I am not saying that we don’t have a problem, by the way. We do. But we share that with the rest of the planet. Worldwide we seem to have an issue with collectives. We only like them if they allow us to do what we as individuals want. We are entitled to things and we want them now. Yes, one of my students said the other week, she understood that there were deadlines and rules around assessments, but she didn’t feel they had anything to do with her. She was special and therefore deserved preferential treatment. We only accept the collective, or that vague entity called society, if there is something in it for us. So when Wilders talks about Dutch identity (the collective), he is smart enough to also offer a reward, a prize, for the individual: “our country back.” And because he is a consummate politician, he makes sure not to give too much detail about what he means by that. Whose country? Back from whom? What does that country look like? What is the content of that identity (surely not compromise, because that is what he is rejecting)? Interestingly, he did give it a flavor, a color. Confronted with the Labor slogan that “The Netherlands belongs to us all,” Wilders called it a “Woodstock” sentiment from people who’ve smoked pot for too long. Funnily enough, that comes close to the identity Holland has abroad of a bunch of drug heads sitting in coffee shops smoking weed. That couldn’t have been his intention, surely?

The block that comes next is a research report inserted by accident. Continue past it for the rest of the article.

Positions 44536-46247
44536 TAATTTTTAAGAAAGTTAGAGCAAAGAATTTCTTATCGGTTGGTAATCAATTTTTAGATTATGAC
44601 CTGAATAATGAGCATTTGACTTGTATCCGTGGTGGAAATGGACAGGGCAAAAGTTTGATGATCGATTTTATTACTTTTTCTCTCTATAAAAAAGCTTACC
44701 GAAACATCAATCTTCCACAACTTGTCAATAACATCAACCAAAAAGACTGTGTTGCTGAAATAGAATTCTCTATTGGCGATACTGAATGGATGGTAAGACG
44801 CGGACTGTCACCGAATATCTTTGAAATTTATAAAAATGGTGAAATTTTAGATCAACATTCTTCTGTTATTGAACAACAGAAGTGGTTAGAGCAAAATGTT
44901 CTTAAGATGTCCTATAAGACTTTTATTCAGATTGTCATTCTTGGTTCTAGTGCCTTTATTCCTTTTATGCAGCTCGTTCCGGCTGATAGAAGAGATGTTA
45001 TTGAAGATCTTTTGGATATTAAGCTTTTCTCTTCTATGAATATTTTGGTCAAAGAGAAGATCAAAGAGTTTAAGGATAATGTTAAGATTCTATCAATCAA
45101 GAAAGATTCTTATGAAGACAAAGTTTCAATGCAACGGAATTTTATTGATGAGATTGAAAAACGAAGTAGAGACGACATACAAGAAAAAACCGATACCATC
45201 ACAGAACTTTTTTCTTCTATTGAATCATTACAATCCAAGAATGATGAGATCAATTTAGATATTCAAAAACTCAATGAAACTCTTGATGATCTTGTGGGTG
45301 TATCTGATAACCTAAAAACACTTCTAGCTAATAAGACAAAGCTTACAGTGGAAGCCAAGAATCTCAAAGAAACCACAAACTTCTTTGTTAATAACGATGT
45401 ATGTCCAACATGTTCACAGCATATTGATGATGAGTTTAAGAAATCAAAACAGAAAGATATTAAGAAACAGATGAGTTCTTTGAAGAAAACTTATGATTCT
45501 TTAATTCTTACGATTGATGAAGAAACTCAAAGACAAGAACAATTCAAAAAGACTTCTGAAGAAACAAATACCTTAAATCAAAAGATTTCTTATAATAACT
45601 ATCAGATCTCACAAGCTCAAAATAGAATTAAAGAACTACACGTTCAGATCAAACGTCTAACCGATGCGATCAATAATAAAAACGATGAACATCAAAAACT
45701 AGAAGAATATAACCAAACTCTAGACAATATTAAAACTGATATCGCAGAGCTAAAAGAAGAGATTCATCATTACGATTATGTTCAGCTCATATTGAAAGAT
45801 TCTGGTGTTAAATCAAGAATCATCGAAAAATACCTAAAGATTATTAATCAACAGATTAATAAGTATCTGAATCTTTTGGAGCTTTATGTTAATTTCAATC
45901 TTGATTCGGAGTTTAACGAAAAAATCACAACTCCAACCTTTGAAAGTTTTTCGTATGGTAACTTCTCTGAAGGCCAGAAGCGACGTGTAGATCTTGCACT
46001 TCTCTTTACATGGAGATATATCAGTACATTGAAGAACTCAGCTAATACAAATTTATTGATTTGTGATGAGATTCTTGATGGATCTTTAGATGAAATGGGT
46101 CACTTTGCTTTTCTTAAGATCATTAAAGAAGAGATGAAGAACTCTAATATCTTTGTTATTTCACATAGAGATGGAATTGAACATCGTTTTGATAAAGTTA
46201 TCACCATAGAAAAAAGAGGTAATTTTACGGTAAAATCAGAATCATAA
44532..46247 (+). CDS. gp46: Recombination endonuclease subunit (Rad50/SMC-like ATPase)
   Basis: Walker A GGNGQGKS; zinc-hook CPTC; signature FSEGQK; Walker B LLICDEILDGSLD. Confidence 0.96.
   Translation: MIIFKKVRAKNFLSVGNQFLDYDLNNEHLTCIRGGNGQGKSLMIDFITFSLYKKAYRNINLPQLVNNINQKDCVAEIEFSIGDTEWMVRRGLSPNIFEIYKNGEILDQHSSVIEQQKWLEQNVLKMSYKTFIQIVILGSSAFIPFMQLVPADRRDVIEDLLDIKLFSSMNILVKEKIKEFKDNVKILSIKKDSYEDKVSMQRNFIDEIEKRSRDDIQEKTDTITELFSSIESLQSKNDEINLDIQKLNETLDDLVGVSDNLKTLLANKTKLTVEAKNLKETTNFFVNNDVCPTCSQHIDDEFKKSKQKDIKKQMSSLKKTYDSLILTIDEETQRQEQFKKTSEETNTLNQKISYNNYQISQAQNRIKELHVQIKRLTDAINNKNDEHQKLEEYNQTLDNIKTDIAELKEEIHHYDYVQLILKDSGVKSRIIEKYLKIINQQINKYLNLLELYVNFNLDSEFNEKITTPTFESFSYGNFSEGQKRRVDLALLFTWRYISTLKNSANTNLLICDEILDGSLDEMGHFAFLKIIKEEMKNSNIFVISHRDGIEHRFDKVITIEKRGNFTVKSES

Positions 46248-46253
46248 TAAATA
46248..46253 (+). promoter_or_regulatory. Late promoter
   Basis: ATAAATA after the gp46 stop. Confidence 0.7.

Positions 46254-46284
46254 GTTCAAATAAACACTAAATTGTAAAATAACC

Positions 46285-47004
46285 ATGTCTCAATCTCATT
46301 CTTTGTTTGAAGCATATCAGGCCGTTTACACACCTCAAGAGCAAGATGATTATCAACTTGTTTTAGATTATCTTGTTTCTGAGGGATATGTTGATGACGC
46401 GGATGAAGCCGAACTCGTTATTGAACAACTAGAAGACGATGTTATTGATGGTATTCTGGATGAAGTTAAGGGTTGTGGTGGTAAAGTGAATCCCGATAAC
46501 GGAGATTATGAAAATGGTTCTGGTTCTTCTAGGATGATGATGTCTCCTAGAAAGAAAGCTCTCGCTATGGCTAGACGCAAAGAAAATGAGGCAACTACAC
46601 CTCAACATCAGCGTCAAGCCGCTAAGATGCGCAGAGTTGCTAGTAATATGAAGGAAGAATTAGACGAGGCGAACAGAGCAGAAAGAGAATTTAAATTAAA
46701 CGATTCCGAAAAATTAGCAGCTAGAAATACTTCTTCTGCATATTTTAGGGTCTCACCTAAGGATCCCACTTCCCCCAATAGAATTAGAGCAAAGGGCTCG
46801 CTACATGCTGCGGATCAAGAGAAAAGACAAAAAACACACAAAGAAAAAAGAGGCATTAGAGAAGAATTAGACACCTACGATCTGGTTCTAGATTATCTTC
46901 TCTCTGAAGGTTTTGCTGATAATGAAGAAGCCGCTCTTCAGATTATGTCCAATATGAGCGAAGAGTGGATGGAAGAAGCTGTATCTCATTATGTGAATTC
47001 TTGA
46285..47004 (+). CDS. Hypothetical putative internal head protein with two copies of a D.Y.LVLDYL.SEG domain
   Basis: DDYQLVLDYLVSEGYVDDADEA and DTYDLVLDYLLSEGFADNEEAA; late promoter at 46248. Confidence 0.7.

So, there is a problem with collectives and individuals. And for a lot of people it is nice to blame others, especially if they are fairly defenseless. Even better if a politician stokes the fire and allows you to name your fears, but formulate them as righteous anger. The good thing about Holland, though, is that it is not Britain (Brexit) or the U.S. (Trump). Or Australia, for that matter. It doesn’t have a two-party system or proportional representation. Because we are raised with compromise, we prefer one man/woman one vote and this time welcomed 28 political parties to our elections. The winners will have to find a way to work together and they will talk about that until they find a way to do just that.